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Developer who lifted the lid on corruption dies


Tom Gilmartin

Tom Gilmartin

Tom Gilmartin

TOM Gilmartin, the property developer who blew the whistle on planning corruption, has passed away after a long illness.

Mr Gilmartin was in his late 70s and died in Cork University Hospital.

He was a key witness at the planning tribunal, which found Fianna Fail Minister and EU Commissioner Padraig Flynn "wrongly and corruptly" sought a substantial donation from him.

Having been paid IR£50,000 intended for Fianna Fail by Mr Gilmartin, Mr Flynn used the money for his personal benefit.

Mr Gilmartin's allegations also resulted in former Taoiseach Bertie Ahern's appearance before the tribunal.

The developer agreed to give evidence to the tribunal after an infamous appearance by Mr Flynn on the Late Late Show, where he denied receiving any payment and said Mr Gilmartin and his wife were not in good health, describing him as "out of sorts".

Mr Flynn's remarks prompted Mr Gilmartin to co-operate with the tribunal as it was unclear if he would give evidence.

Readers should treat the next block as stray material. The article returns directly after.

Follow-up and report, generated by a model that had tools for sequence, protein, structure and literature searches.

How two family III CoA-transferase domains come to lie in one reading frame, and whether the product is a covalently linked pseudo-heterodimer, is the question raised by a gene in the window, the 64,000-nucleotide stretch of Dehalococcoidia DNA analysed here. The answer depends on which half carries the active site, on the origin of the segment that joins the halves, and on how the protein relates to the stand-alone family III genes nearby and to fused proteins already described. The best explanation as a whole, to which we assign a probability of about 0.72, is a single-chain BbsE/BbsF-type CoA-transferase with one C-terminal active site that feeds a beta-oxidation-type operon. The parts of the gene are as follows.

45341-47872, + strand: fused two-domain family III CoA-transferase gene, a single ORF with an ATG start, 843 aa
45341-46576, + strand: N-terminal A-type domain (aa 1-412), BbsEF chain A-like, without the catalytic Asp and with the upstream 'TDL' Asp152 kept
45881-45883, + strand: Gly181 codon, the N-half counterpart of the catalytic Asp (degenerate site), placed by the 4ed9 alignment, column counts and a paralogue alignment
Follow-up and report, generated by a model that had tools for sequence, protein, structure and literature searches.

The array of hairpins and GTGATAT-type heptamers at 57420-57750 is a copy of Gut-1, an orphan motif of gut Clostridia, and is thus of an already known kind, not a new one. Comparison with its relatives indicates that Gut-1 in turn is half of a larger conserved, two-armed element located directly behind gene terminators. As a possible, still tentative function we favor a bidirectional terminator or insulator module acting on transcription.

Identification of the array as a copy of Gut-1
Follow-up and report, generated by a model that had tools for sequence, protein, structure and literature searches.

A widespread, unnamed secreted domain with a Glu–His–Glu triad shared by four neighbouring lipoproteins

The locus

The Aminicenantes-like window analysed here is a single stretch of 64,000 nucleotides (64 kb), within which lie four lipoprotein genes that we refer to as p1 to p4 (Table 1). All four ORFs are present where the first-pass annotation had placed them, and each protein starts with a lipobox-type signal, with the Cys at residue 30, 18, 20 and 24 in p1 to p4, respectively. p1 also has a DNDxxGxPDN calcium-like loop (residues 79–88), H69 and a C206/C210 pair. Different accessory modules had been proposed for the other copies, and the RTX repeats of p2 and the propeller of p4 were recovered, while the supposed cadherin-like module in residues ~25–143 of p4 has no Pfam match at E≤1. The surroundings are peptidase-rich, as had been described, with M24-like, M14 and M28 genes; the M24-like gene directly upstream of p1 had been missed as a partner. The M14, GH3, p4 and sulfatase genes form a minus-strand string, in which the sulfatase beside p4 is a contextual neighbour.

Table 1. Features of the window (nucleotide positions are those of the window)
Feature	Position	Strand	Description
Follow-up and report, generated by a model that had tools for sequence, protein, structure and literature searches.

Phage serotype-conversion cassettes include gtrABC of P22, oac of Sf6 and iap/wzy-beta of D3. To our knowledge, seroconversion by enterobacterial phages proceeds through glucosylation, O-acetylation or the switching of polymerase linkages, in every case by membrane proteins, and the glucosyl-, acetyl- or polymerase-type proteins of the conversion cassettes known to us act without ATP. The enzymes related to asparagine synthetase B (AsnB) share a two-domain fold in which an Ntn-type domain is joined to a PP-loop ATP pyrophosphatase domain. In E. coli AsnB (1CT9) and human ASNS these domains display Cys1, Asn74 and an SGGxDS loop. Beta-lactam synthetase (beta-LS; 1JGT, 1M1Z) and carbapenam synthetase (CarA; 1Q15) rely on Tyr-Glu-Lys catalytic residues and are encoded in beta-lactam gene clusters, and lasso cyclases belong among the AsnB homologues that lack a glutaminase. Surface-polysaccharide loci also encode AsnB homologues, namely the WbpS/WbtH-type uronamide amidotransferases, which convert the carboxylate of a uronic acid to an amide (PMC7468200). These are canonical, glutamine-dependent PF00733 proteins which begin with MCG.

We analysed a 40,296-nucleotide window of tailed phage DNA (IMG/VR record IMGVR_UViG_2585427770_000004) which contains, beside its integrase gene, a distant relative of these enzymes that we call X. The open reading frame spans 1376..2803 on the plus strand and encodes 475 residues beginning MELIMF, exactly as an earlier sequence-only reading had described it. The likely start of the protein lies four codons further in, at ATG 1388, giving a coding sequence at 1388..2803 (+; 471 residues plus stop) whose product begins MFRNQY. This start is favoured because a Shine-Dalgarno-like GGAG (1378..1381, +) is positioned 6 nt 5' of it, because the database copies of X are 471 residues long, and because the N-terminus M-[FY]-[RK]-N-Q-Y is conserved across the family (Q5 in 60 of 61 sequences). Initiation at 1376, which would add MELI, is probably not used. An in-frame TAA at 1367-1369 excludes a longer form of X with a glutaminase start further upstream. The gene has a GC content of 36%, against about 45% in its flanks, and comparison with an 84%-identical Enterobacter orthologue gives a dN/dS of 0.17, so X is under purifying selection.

In a statement, Mr Gilmartin's family said he had died peacefully at Cork University Hospital.

"We will greatly miss a much loved husband, father and grandfather," the statement said.

"We mourn the loss of a truly honest, honourable and courageous man." Originally from Sligo, Mr Gilmartin left home in 1957, against his father's wishes, to pursue a career in Britain.

He built a hugely successful engineering business based in Luton in England.

Mr Gilmartin retired from Britain to live in Cork.

He initially resided in the Lough area of the southside of the city before moving to a property off the Model Farm Road in the suburb Bishopstown.



He had suffered ill health over recent years, but had repeatedly expressed his annoyance over much of the media coverage of the planning tribunal.

However, his experiences of planning in Dublin, particularly in relation to a proposed shopping centre, were the primary causes for the establishment of the Mahon planning tribunal in Dublin Castle.

Many of Mr Gilmartin's allegations involved the late Liam Lawlor and Cork-based property developer Owen O'Callaghan.

Following the publication of the hard-hitting Mahon Tribunal report, the Gilmartin family claimed it was a total vindication of Mr Gilmartin's position.

Mr Gilmartin alleged money was demanded from him at various stages by politicians and councillors.